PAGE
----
June 28, 2008

Reformed and Always Reforming, Roger Olson

Reformed and Always Reforming: The Postconservative Approach to Evangelical Theology is a descriptive and prescriptive account of the move of some evangelical theologians to what has come to be termed a "postconservative" style of doing theology. Olson finds himself among this growing group, and seeks to set out the methodology that underlays this shift. Thought that may in fact sound a bit dry, Olson in fact turns in a compelling story of the development of a new brand of evangelical theology.

He begins by identifying just what this "postconservative" theology is by first describing "conservative" theology. He lists ten characteristics:

1. Correct doctrine as the essence of Christianity.
2. Revelation is primarily seen as propositional.
3. There is the tendency to elevate some tradition to the level of magisterium.
4. Suspicion of the constructive task of theology.
5. Evangelicalism is a bounded set: people are either in or out.
6. Many who call themselves evangelicals wouldn't be considered evengelical by conservatives.
7. High levels of suspicion toward modernity and postmodernity in favor of the ancient or traditional.
8. Tend to think that it is possible to do theology relatively uninfluenced by culture or history.
9. Tendency toward harsh, polemical rhetoric, staying close to fundamentalist roots.
10. Tends to be done "in the grip of fear of liberal theology" (25).

After setting the stage with a sketch of "conservative" evangelical theology, he moves briefly through a discussion of shared ground, before then beginning to explicate the "style" of theology that he terms postconservative. It is in fact the task of the rest of the book to lay this out, but some major trends and themes can be listed as distinctive (in essence, they are the flip sides of the ten things he has pointed out about conservative evangelical theology listed above). Some of the important aspects might be layed out as follows (the choice and numbering are my own:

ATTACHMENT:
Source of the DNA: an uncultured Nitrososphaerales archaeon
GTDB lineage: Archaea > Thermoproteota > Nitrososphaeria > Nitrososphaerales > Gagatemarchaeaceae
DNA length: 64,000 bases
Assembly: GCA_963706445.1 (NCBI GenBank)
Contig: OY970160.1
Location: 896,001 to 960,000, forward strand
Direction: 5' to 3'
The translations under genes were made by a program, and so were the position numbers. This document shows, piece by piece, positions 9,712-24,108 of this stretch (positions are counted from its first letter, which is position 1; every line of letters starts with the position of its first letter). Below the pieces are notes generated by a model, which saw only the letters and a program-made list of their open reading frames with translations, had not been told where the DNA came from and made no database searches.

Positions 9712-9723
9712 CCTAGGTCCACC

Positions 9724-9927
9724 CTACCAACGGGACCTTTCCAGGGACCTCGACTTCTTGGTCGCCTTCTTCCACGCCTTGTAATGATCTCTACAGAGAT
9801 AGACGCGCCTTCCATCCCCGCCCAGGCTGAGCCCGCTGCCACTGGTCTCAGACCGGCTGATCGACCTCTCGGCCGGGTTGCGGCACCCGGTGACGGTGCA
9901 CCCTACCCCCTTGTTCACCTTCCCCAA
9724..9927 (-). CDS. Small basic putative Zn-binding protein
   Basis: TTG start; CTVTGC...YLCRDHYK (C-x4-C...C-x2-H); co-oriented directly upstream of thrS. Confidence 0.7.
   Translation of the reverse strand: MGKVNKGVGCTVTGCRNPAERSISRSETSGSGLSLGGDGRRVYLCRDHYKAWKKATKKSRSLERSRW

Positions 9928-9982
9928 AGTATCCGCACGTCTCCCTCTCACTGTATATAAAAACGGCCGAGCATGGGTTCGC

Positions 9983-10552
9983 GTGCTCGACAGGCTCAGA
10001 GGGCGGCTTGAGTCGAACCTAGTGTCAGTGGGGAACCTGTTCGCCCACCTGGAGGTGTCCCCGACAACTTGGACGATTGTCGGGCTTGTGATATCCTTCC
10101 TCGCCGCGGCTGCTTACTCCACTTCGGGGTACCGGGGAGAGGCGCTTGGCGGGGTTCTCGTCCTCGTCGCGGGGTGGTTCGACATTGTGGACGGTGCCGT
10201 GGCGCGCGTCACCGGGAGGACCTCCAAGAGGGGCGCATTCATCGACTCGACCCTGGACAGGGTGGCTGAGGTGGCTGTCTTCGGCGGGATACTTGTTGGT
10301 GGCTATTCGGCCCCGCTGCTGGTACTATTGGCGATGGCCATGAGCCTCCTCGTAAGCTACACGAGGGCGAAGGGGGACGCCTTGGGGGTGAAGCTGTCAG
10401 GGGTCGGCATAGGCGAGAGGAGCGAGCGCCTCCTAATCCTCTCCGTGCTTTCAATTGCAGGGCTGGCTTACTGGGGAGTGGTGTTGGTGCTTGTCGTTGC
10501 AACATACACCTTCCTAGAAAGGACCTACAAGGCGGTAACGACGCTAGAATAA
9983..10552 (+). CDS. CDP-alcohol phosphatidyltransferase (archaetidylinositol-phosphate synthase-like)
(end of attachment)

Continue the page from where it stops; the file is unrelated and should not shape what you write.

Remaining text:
1. Consider relveation's purpose to be transformational more than informational.
2. The constructive task of theology is cointinuing; there are no "closed, once for all systems" of theology that have perfectly enshrined the truth about God (55).
3. Concern about the deep roots of conservative evangelical theology in modernity and the desire to move beyond foundationalism.
4. See evangelical theology as a "centered set" rather than a "bounded set"; that is, less focus on who is in and who is out and instead focusing on who is closer to the center and who is moving away from that center. This includes some comfort with ambiguity that is often lacking in conservative evangelical theology.
5. Recognize that the core of evangelical faith is spiritual experience rather than doctrinal belief. This doesn't mean it doesn't have informaitonal content (it's not merely generic belief itself or belief in some anomalous "ground of being") but that this language is "second order," the communal expression of the experience of God in revelation.
6. While tradition is greatly respected, it is not enshrined as definitive; this means systems and theologians of the past can be helpful and essential conversation partners but the assumption should never be made that they have provided final formulations equal to the status of scripture or fully authoritative as interpreters of the Scriptures.

Throughout the remainder of the book, Olson fleshes out these elements of the postconservative style of theology, looking often at important postconservative thinkers who embody these trends. This includes frequent discussion of Stanley Grenz, John Franke, F. LeRon Shults, and Kevin Vanhoozer as especially lucid expositors of this style of theology. He also undertakes detailed discussions of some proponents of the conservative style, such as D. A. Carson, and Carl Henry, with frequent references to Charles Hodge.

For myself, I have found Olson's vision to be a compelling one, in that he illumines many of the weaknesses that I myself have found with traditional "conservative" evangelical theology, such as it's seeming obsession with who is in and out, and it's often harsh polemic tone in discussions within and outside the evangelical family, and with its sole focus on proposition in revelation. As Olson points out, even taking these points, one is still "conservative" in the larger scheme of theology; they don't make one a "liberal," in any meaningful way (contrary to what many "conservative evangelical" theologians might claim). I think this great book shows the promise of evangelical theology as a vibrant and faithful exponent of the faith into a new century. It makes a great intro to these important themes and to the theologians who are on the cutting edge of evangelical thinking about God.